To explain how use by a club for sports, dining or even drinking alcohol does not seem to be against the interests of the general public, I must offer a comparison. Several houses are owned by Government of India as the head lessor, they have not been converted to freehold, but the occupants/lessees enjoy full ownership rights subject to some minor restrictive terms in the lease. If a company or another entity (such as a foreign government) owned one of those houses, the MCA or NCLT would hardly be justified in questioning the owner company for having too many parties in that house. The case before the NCLT was not filed by the landlord, namely the L&DO/MoHUA, it has been filed by the Ministry of Corporate Affairs itself, so misuse of the land cannot be relevant to that ministry even if there are alleged use violations. Even the L&DO in exercising its rights as landlord over hundreds of Delhi properties (such as buildings on Kasturba Gandhi Marg, Connaught Place flats, embassies on Shantipath, etc.) cannot question the usage of the premises as long as such use fits the lease (here the lease stipulates use for club activities) and in all these cases the rent is nominal but the price paid would have been significant. I submit that there is no scope in law to decide what amounts to being against the public interest as long as the relevant land is used as per the lease. Passing judgement on the usage of the land, the NCLT appears to have mistaken its role as a tribunal charged with upholding the Companies Act as against a court of equity balancing conflicting interests. Paragraph 20 of the judgement questions a club with over thirty active tennis courts, two swimming pools, squash, badminton, gymnasiums and other sports facilities, stating it has an “avowed object for promoting sports and other activities including pastimes, but no perceptible work or dedication towards promotion of sports”. The question is whose test should be satisfied to demonstrate a legally sustainable user and to avoid judgement day where a court or tribunalmay question the “pastime such as drinking wine and whisky”. That such a judgement can be called into question can be identified from the ratio which emerges from paragraph 21 onwards where the NCLT asks (rhetorically perhaps) “So, is it conscionable sitting over lands sprawling acres and acres just for recreation, when from one side people, citizens of our country, languishing in utter poverty without any basics—horrifying.” and then continued to mention that “State priorities are the needs of the people, what becomes public interest, when that becomes public interest, are decided by time and growing needs. Accordingly, State acts.” While the tribunal has also held “If any link is seemingly missing, then it is the duty of the judge to search for the misplaced link to link the chain”, there appears to be no reference to law or legal powers to determine how the public interest sustains in such a case where avowedly it is the “state fighting for larger cause and for public at large”. It is indeed difficult to appreciate how “largess of the state for pastimes and whiling away time drinking wine and whisky in a sprawling land” can justifiably be characterized as a “mockery of the system” unless the use of land can be questioned by the state or any court—and this has wide ramifications. Although the judgement repeatedly criticizes the exercise of pleasure by club members “on the land given on minimal rent by the State” and also dwells upon the value of the land to arrive at the conclusion that “some persons alone enjoying the state property is also prejudice to the public”, there is nothing mentioned to suggest how such use hurts public interest.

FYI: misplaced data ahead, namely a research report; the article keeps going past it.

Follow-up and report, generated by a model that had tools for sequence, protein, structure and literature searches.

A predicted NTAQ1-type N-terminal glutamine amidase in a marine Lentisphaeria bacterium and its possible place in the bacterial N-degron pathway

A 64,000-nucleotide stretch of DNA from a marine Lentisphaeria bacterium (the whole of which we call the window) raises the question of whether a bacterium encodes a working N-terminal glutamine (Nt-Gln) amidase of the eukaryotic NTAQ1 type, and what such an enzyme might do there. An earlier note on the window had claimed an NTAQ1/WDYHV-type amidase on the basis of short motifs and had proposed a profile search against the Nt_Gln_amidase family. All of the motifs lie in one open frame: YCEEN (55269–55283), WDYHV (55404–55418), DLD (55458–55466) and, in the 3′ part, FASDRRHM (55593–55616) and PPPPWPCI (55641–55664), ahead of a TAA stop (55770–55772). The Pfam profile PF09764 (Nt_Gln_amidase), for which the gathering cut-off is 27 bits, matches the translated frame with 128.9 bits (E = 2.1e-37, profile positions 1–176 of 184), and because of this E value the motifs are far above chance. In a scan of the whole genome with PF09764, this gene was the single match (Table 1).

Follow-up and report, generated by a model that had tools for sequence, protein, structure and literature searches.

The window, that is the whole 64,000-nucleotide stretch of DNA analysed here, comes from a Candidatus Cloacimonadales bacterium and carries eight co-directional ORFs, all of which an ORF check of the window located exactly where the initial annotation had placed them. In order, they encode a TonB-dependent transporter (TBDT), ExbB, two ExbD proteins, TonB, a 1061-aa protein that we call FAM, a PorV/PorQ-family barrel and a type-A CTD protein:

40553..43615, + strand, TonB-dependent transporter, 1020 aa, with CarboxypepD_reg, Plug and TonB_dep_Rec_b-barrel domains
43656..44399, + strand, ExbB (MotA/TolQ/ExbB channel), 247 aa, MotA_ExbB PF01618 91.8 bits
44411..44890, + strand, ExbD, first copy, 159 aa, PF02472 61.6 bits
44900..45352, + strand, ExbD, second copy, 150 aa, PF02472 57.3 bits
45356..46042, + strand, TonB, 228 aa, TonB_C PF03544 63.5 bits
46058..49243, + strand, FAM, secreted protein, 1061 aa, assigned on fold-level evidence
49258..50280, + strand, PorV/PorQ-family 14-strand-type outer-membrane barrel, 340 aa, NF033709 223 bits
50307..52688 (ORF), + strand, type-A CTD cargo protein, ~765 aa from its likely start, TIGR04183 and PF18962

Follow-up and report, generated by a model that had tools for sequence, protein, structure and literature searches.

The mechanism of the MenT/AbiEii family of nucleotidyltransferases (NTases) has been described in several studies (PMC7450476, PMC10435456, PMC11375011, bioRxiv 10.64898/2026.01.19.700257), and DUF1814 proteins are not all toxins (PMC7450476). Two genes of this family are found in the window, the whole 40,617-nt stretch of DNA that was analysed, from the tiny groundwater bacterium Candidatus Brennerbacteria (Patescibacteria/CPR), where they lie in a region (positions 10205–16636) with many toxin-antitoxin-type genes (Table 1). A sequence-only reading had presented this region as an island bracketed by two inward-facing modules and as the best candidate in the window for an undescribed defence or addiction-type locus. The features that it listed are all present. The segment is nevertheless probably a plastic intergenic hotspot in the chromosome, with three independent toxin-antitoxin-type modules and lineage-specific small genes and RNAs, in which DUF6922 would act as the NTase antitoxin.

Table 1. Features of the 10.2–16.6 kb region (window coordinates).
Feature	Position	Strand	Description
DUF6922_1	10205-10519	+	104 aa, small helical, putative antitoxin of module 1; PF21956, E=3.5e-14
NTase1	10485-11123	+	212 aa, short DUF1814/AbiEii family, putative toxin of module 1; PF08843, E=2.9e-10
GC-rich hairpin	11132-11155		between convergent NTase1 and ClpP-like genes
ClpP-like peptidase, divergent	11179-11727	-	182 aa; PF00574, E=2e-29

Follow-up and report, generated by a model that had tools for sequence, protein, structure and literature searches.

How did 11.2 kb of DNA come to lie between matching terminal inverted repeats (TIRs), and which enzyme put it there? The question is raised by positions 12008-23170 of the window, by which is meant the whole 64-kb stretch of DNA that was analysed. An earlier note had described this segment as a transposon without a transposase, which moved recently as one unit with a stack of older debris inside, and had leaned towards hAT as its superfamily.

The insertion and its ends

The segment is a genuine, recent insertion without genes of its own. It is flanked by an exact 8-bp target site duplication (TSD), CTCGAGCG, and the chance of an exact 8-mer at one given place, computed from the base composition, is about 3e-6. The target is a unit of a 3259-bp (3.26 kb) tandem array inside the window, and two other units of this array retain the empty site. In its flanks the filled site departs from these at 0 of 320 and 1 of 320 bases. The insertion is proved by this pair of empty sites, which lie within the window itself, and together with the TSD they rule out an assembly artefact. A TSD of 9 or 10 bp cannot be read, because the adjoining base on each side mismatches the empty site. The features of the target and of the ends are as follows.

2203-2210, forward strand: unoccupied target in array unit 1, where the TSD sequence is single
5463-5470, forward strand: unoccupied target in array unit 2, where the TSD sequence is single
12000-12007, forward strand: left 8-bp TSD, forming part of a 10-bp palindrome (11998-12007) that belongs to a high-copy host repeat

When the judgement emerged, I confess that I had initially believed, along with many others, that the Ld. NCLT must have rightly relied upon Section 241 to repair the club, or in the words of the NCLT as “a garage for repairing companies and to make them run”, to examine any violations of law and help the club resolve, repair, compound and remove them (that is the only way). Here lies the nub of the problem—what constitutes ownership of land and how it will be understood in the future—if the MCA petition is to be accepted, will India allow the Ministry to take over this land on the allegation (at page 184 of the petition) that “The prime location of the land worth thousands of crores to/[can] be better utilized for meaningful purposes to achieve the objects of the company as laid down in the MoA, in the interest of the public”.